“It’s a very wicked world, M. Poirot. And there are very wicked people in the world. You probably know that as well as I do. I don’t say so before the younger people, it might discourage them, but it’s true…Yes, it’s a very wicked world…”
So says Mrs. Folliat to M. Poirot at the end of Chapter Four. The grande old lady has fallen on hard times and is now living in the cottage on the estate that once belonged to her and her family. The weathly Sir George Stubbs has swooped in and snatched up Nasse House and somehow he and his much younger wife, Hattie, have been convinced to hold a Fête, which will feature a Murder Hunt organized by famous author Ariadne Oliver.
Mrs. Oliver, however, is perturbed. Something is not quite right at Nasse House. She feels her murder hunt has been “engineered” for a particular outcome. She invites Hercule Poirot to come to Nassecombe to find out what. But how do you investigate a murder that hasn’t happened?
It all seems as if Mrs. Oliver’s intuition has failed her until Marlene Tucker, playing the victim in the Murder Hunt, is found very dead indeed. But why would anyone want to kill a fourteen year-old girl from the village? More expected is the disappearance of Hattie Stubbs. She vanishes from the Fête just as a man from her past, her cousin, Etienne De Sousa arrives. Only her hat is found in the nearby river, but the body pulled out of the water is that of an old man, who once worked for the Folliats.
Perhaps some crazy student or vagabond at the Hostel next door is responsible? But no, this is a Christie. There are plenty of suspects at Nasse House. The ever efficient Mrs. Brewster, secretary to Sir Stubbs; Mrs. Masterson, the Fête’s organizer; Alec and Peggy Legge, an unhappy young couple helping with the Fête; and Michael Weyman, a handsome architect who can’t stop critizing the Folly he’s been hired to repair.
As yes, the Folly of the title. Sir Stubbs had the Folly, a columned temple-like structure, erected shortly after taking ownership of Nasse House. There’s more than one rendezvous that occurs at this site.
Of the novel, Francis Iles for the Manchester Guardian wrote, “A minor Christie.” In fact reviews were mixed for Dead Man’s Folly, published in 1956. The story marks the third appearance of Ariadne Oliver alongside Poirot. Though certainly not as flashy as some of Christie’s more well-known works, I have a fondness for story and consider it one of my personal favorites.
Perhaps this view is skewed because I saw the moive adaptation before reading the novel. On January 8, 1986, Dead Man’s Folly aired as the second of three CBS Television productions starring Peter Ustinov as Poirot. Jean Stapleton protrayed Mrs. Oliver. Also in the cast was Jonathan Cecil as Poirot’s oft sidekick Captain Arthur Hastings; Hastings isn’t in the original novel. Although there is a character named Captain Jim Warburton, which perhaps may have been the basis for the change?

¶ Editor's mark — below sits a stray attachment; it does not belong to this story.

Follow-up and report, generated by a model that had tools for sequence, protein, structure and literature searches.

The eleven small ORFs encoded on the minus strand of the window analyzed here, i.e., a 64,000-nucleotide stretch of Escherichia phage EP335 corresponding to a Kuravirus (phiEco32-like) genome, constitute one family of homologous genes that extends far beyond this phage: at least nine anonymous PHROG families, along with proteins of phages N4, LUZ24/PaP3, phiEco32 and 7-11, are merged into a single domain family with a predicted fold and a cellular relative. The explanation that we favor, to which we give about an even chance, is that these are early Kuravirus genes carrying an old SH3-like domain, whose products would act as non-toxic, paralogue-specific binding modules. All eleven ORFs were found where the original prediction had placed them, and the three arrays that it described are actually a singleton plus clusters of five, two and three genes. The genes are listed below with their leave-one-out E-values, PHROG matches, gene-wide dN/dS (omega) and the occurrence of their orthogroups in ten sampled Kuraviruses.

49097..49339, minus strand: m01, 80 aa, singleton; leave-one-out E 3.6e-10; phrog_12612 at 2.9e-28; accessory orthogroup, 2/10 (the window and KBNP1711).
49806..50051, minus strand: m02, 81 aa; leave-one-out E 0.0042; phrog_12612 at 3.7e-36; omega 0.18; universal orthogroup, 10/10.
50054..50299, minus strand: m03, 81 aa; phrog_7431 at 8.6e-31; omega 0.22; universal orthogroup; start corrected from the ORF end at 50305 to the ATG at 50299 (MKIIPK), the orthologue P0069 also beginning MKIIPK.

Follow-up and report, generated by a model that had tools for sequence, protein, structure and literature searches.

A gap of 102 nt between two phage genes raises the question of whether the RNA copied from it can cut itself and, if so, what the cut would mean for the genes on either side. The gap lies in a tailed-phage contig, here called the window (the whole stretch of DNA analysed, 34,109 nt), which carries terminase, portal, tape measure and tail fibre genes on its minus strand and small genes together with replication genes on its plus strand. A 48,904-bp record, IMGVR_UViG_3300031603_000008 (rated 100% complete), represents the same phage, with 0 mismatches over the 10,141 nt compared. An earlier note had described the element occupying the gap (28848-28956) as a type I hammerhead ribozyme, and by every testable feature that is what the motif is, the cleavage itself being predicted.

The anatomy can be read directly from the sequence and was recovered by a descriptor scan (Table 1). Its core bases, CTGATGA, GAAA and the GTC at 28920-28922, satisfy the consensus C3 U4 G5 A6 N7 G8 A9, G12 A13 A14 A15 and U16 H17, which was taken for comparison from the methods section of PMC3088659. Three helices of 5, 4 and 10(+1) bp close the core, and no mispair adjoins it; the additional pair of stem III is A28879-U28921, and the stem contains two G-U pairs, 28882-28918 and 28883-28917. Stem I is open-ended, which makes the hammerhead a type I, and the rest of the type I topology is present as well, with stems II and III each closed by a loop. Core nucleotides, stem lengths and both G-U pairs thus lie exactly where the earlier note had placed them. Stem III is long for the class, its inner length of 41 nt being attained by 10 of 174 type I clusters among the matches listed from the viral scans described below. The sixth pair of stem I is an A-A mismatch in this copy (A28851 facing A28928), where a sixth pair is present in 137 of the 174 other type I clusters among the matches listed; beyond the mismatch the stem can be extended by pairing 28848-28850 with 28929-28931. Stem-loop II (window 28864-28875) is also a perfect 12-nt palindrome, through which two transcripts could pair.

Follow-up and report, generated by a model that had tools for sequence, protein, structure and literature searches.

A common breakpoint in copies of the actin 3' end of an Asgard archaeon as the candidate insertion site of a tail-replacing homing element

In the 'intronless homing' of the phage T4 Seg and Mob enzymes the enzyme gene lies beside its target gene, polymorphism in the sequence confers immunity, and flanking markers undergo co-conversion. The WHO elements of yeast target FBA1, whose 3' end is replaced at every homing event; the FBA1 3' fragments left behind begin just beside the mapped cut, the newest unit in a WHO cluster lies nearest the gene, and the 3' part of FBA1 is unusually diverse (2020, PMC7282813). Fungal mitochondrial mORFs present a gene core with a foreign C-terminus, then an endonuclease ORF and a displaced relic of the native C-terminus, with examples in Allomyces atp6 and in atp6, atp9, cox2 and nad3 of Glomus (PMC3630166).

As a teen, I enjoyed this production and soon read the book after seeing it, making it easy to imagine the characters as played by Nicolette Sherridan, Tim Piggott-Smith, Susan Wooldridge, Jeff Yagher, Christopher Guard, and Caroline Langrishe. Constance Cummings as Mrs. Folliat is a particular standout as is the character in the book. Perhaps one of the most memorable and interesting of Christie’s characters.
Now, it’s true neither the book nor the movie are perfect. In fact, the movie has a visual clue near the beginning that virtually gives the whole thing away. Still there’s something about this story and its imperfectly drawn characters that I find fascinating. Maybe I like it because it’s not as famous as say, Death on the Nile or Murder on the Orient Express.
That’s, in part, why I was disappointed last year when—for a time—it appeared there would be no more entries in the long running British series, Agatha Christie’s Poirot, starring David Suchet. In 2010, it seemes ITV had called it quits with at least five Poirot novels remaining to be filmed, including Dead Man’s Folly.
Then recently I stumbled upon news that Dead Man’s Folly is to be filmed this year with the remaining stories to follow. See article here. I’m very eager to see what this new production might bring. And I’m particularly interested to see Zoë Wanamaker reprising her role of Mrs. Oliver. Though Stapleton’s version was fun in a comedic, dithering sort of way, Wanamaker’s protrayal is more true to the books.
You see, Aridane Oliver is essentially a stand-in for Christie herself. The character would often discuss the difficulties of writing, reflecting Christie’s own views on the subject. Additionally, in Dead Man’s Folly, the central setting, Nasse House, is patterned after Christie’s own home, Greenway, in South Devon. Imagine Christie plotting out the story on the grounds and in the rooms of her own house!
In writing this piece, I must say that I found my copy of The Agatha Chrisite Companion: The Complete Guide to Agatha Christie’s Life and Work (by Dennis Sanders & Leon Lovallo) indispensable as always.